As we pass the shop where Andy works, he reveals that his job of stacking shelves was an integral part of the journey to becoming mayor. “I work in the town centre and I like to have a laugh with people and ask them about their lives and what they’re doing,” he smiles. “I get curious and if I can have 10 conversations with people and make it last my whole shift then I will (laughs). I obviously don’t know all 26,000 people that live in Frome, but sometimes it does feel like that. I know most people from the shop and I used to call myself the ‘Mayor of Co-op’, just for a joke.” Andy didn’t realise that he’d been serving the actual mayor at the time for months and, when he caught wind of Andy’s joke, the mayor encouraged him to actually run for town councillor. “We all like it when someone sees potential in us. I saw it as an opportunity to grow.”
Strolling through town to get some lunch, every second person we walk past says hello, stops for a chat or waves through a shop window. A pensioner talks to Andy about classical music; a group of local hairdressers call him over to their lunch table; a teenager nods as he passes. “Alright, mayor!” shouts a voice in the distance.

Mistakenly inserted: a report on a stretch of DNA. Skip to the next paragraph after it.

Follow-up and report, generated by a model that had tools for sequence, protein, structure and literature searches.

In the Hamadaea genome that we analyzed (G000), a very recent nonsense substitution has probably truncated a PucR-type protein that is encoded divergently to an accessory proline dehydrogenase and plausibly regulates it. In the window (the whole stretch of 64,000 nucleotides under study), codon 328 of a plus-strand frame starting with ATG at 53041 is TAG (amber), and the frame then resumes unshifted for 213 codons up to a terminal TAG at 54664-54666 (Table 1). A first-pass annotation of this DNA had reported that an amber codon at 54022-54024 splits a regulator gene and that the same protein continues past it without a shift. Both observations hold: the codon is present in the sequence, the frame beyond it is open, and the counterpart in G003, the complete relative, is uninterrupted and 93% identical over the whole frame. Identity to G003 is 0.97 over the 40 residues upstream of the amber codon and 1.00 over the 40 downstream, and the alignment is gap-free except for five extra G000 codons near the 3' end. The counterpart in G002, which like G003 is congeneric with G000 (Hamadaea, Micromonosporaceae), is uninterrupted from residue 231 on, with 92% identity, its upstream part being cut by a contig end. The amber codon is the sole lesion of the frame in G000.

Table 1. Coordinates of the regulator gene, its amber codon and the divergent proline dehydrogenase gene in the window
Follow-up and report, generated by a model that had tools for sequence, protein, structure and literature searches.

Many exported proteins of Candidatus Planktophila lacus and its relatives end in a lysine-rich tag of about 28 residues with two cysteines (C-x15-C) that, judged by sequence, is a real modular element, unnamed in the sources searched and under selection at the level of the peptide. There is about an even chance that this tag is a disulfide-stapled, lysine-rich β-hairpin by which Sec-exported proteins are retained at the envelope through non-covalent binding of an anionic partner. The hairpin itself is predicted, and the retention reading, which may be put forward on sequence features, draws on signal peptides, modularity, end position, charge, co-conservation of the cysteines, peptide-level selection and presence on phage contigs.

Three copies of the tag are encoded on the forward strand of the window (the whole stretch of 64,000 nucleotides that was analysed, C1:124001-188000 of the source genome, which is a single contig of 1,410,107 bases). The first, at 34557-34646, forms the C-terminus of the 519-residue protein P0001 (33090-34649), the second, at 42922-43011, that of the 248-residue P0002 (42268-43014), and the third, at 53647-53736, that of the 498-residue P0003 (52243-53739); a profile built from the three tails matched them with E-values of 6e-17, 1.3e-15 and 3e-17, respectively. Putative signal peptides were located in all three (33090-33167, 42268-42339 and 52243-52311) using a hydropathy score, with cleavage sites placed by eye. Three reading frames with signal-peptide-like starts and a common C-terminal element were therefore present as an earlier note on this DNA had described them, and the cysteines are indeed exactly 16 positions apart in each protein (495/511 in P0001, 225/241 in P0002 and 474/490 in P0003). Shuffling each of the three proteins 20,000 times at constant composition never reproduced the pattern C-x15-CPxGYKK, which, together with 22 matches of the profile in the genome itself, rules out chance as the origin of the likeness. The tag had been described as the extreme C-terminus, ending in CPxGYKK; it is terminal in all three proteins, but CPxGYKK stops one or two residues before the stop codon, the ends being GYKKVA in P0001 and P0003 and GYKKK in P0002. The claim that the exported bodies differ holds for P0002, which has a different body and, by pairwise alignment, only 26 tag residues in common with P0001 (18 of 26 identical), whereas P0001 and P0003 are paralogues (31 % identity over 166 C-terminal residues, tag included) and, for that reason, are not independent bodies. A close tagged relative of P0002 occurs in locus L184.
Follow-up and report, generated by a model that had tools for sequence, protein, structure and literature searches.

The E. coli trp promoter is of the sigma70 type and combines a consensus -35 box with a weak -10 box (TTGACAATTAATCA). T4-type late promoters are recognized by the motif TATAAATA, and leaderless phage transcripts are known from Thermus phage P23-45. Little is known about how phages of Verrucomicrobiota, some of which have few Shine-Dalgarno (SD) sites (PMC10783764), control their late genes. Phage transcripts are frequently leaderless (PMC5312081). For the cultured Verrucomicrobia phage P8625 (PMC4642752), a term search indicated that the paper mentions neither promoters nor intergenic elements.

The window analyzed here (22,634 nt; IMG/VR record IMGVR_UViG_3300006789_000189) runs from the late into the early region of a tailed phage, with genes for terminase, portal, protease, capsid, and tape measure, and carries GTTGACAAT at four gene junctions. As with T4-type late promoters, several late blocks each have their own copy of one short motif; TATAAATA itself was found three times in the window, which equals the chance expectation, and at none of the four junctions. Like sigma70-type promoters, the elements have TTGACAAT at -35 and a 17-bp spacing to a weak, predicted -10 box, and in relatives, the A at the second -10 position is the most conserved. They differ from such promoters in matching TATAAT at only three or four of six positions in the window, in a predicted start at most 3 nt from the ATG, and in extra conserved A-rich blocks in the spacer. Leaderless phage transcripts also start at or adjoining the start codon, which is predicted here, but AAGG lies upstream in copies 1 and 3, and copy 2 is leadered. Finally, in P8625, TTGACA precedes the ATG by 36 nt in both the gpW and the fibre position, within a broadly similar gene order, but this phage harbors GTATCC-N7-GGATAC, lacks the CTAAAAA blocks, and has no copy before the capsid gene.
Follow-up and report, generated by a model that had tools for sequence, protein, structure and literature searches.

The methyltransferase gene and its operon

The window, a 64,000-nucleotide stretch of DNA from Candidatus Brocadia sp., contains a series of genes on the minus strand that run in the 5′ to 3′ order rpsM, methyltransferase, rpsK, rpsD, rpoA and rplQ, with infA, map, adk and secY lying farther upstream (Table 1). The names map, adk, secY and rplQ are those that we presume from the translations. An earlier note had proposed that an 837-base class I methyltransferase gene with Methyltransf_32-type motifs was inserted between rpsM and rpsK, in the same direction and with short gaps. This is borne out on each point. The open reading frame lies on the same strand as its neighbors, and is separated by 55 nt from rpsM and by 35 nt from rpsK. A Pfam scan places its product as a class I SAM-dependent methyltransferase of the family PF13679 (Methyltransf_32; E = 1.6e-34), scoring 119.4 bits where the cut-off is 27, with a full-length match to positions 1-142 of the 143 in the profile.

This attention might be uncomfortable for some, but it doesn’t faze Andy one bit.
“When I was in school I was always the tallest,” he explains. “You become very recognisable and people know you because you just tower above them. Then I got even bigger when I left school!”